Although its been quite some time since I was given the amazing opportunity to travel to Rome, Italy, I find myself thinking about my time there more and more frequently. I hope that that was one of my many times traveling to some place I have never been before, and as my junior year of college approaches faster than ever, I am researching tons and tons of study abroad programs to further that dream. Its unimaginable what the rest of the world holds and the fact that I've only seen a very tiny fraction of it is devastating.
I long for that feeling when you are walking down any random street that looks good to you, when you are popping in and out of local stores without a care in the world, and just being immersed into another culture altogether.
So, I've compiled a list of 10 things to see and do when in Rome..
1. The Pantheon
The Pantheon, once a temple and now a church, is absolutely breathtaking. Its structure, architecture, and design, was the first of its time and this remarkable building is still standing today. To put in perspective quite how old Rome's historical sites are, there is bird poop on these places older than the United States itself. Its unbelievable. I still remember learning about the rose petal ceremony--where firefights climb the dome after a mass and the raining of petals parallels the first Pentecost experience. (And although my dad insisted on going back to the Pantheon five times, I would give anything to be back there right now.)
2. The Colosseum
Of course the Colosseum is a must-see! And beyond that, knowing some of the history behind it is shocking. Little did I know what truly happened within those stone walls until I heard it up close and personal, and was standing where history had occured. Barbaric is an understatement, as I stood where others had watched the worst criminals and slaves be eaten by wild animals, like lions, alive--as a form of entertainment and torture depending on who you were.
This is a place you definitely want to visit--if not spend the day here. There is so much to do and see its hard to fit it all in to a few sentences. But by a stroke of luck, I was there the same day as the Pope. Which from there, he came forward into the crowd to bless babies and spread his love, and I was within fifteen feet of him! Pope Francis can speak 7 languages (Yes, SEVEN!) and was an inspiration to all of the Roman people there that day.
4. Trevi Fountain
This is a beautiful place for pictures, exploring, and sight-seeing. I strongly recommend at least walking by to marvel at its size, baroque architecture, and take in the whole feel of Rome. Unfortunately, when I visited the fountain was closed, but still being able to see what it looks like and what it has been, was an experience in itself. (On a side note, also be sure to see the Roman baths--I had one on the lower level of my hotel even--and it was astonishing to know what lied just beneath my feet.)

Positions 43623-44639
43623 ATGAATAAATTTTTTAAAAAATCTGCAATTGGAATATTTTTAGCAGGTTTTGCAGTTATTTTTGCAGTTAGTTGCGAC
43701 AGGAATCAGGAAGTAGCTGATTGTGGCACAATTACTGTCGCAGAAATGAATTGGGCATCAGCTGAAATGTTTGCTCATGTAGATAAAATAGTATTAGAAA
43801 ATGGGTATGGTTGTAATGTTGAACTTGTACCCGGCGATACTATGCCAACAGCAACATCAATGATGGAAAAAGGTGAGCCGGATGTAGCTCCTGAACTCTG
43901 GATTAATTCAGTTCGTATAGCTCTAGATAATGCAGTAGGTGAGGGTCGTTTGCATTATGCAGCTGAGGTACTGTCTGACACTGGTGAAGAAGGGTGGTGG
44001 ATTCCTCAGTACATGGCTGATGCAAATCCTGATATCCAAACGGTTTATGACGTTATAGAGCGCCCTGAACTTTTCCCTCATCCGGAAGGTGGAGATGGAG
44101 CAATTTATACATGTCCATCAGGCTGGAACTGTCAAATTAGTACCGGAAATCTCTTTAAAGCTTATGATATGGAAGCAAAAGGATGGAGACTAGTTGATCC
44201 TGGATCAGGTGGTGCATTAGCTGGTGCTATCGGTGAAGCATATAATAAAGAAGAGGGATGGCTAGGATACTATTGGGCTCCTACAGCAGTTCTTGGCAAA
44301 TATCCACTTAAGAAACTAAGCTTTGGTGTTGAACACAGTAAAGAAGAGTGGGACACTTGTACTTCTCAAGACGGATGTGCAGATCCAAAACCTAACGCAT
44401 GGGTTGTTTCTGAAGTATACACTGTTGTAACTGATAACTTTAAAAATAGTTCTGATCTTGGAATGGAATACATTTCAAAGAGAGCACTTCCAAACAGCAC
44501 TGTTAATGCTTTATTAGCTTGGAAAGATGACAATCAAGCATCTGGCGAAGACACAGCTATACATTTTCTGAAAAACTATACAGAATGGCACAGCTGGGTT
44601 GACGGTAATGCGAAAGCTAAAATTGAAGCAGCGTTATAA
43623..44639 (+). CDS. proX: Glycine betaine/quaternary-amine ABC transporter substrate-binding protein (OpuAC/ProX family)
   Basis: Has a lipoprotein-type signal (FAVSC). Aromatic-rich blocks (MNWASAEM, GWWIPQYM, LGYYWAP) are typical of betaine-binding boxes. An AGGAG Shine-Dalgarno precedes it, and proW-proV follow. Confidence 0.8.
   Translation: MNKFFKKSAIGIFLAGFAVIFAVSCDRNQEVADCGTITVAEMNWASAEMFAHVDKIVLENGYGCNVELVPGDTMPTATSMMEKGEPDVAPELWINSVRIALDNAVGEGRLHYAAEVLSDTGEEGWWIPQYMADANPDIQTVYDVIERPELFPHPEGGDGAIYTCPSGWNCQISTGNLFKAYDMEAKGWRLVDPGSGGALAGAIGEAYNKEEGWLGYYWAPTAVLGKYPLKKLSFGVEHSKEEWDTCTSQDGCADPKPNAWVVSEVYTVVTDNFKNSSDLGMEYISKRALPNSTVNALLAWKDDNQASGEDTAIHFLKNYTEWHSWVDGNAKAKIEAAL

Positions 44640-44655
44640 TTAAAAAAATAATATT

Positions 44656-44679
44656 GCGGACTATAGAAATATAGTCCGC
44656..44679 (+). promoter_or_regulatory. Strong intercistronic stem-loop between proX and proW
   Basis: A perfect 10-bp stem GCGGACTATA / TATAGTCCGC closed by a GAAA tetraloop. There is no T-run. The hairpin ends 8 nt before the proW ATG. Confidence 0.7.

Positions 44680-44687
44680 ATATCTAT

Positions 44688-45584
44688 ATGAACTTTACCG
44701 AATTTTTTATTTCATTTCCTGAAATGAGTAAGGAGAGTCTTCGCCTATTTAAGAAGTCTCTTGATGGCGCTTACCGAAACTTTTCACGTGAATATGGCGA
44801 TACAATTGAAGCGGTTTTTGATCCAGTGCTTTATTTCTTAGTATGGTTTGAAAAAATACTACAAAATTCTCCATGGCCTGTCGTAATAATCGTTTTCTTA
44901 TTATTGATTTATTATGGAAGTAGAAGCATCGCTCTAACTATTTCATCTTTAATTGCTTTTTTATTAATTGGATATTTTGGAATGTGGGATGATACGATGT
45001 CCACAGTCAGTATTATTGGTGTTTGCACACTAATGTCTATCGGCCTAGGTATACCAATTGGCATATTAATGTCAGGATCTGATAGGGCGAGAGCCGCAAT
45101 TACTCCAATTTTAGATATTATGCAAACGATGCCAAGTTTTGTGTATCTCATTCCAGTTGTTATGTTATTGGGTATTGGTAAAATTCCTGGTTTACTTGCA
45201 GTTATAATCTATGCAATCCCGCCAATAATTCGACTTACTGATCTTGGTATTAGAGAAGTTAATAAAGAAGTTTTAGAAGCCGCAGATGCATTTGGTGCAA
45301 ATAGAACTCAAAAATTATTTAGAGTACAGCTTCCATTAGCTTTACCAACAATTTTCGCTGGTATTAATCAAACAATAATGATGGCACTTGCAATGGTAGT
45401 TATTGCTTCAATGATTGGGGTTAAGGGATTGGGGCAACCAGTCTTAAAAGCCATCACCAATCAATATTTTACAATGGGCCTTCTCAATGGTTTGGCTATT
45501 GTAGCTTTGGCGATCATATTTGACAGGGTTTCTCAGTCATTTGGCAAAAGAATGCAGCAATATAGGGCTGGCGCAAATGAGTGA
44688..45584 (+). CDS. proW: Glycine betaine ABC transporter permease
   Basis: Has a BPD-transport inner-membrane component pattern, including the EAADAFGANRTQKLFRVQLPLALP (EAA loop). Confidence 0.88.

5. Sistine Chapel
The Sistine Chapel, also located in the Vatican and the home of the Pope, shows the amazing artistic talent of the time and history of Rome itself. The high Renaissance art covering every inch of the ceiling left me in awe. Although its astounding enough to want to take pictures, that is not allowed, and you are expected to stay quiet when viewing. There are guards who will yell at you if you are talking too much, and the amount of respect in the chapel was like none I had ever felt before.
6. Piazza Navona
Street art, fountains, and a famous piazza all in one. Piazza Navona is a gorgeous, open space for all to enjoy. Its a place to relax after walking through the districts all day, to take in the day-to-day lifestyle of Rome, and to see all the people who think of this as "normal" in their hometown.
7. Altare della Patria
As my family and I adventured through the Roman twists and turns of streets, we had no idea what would be right around the corner. We were stunned, and stopped dead in our tracks as this amazingly gigantic building loomed before us. None of us knew what it was, how it was significant, or why it was there--but we soon found out. It is not only a monument to the first king of unified Italy, but holds the Tomb of the Unknown Soldier.
8. Walking Food Tour
The walking food tour was one of the coolest, most interactive things I did while in Rome. For a few hours we walked the cobblestone streets of Italy, heading into the smallest nooks and crannies of food shops, and tried true Italian treats, drinks, and meals. The most influential part for me was going to a wine cellar, where every step you took to get down the stairs, was going 100 years into the past. It was like nothing I had ever experienced before.
9. Roman Forum
The Roman Forum is exactly what you find when you picture Rome. There are temples, pillars, and crumbling architecture all around you to observe and take in. Its a great photo opportunity and a very iconic place to visit.
10. Castel Sant Angelo
Yes, go to a castle! Although my family and I did not venture inside, the outside was enough to keep us intrigued on what the history, the structure, and the culture that the Castel Sant Angelo represented. It is a great spot for pictures as well as just walk around and view some other parts of Rome that you hadn't seen before.
It was hard to limit this list to only 10 things to see and do in Rome--because there is so much more! As well as being able to travel, by train or a quick flight, not only to other places in Italy, but Europe. There is more than enough to keep you busy--tours, restaurants, historical landmarks. I strongly recommend checking some of these things off your list, as well as venturing out on your own every now and then. Depending on how much time you have, you could experience these things and so much more. I can't wait to experience life in a whole new way with the next place I travel to--the hard part is just waiting for that opportunity to arrive!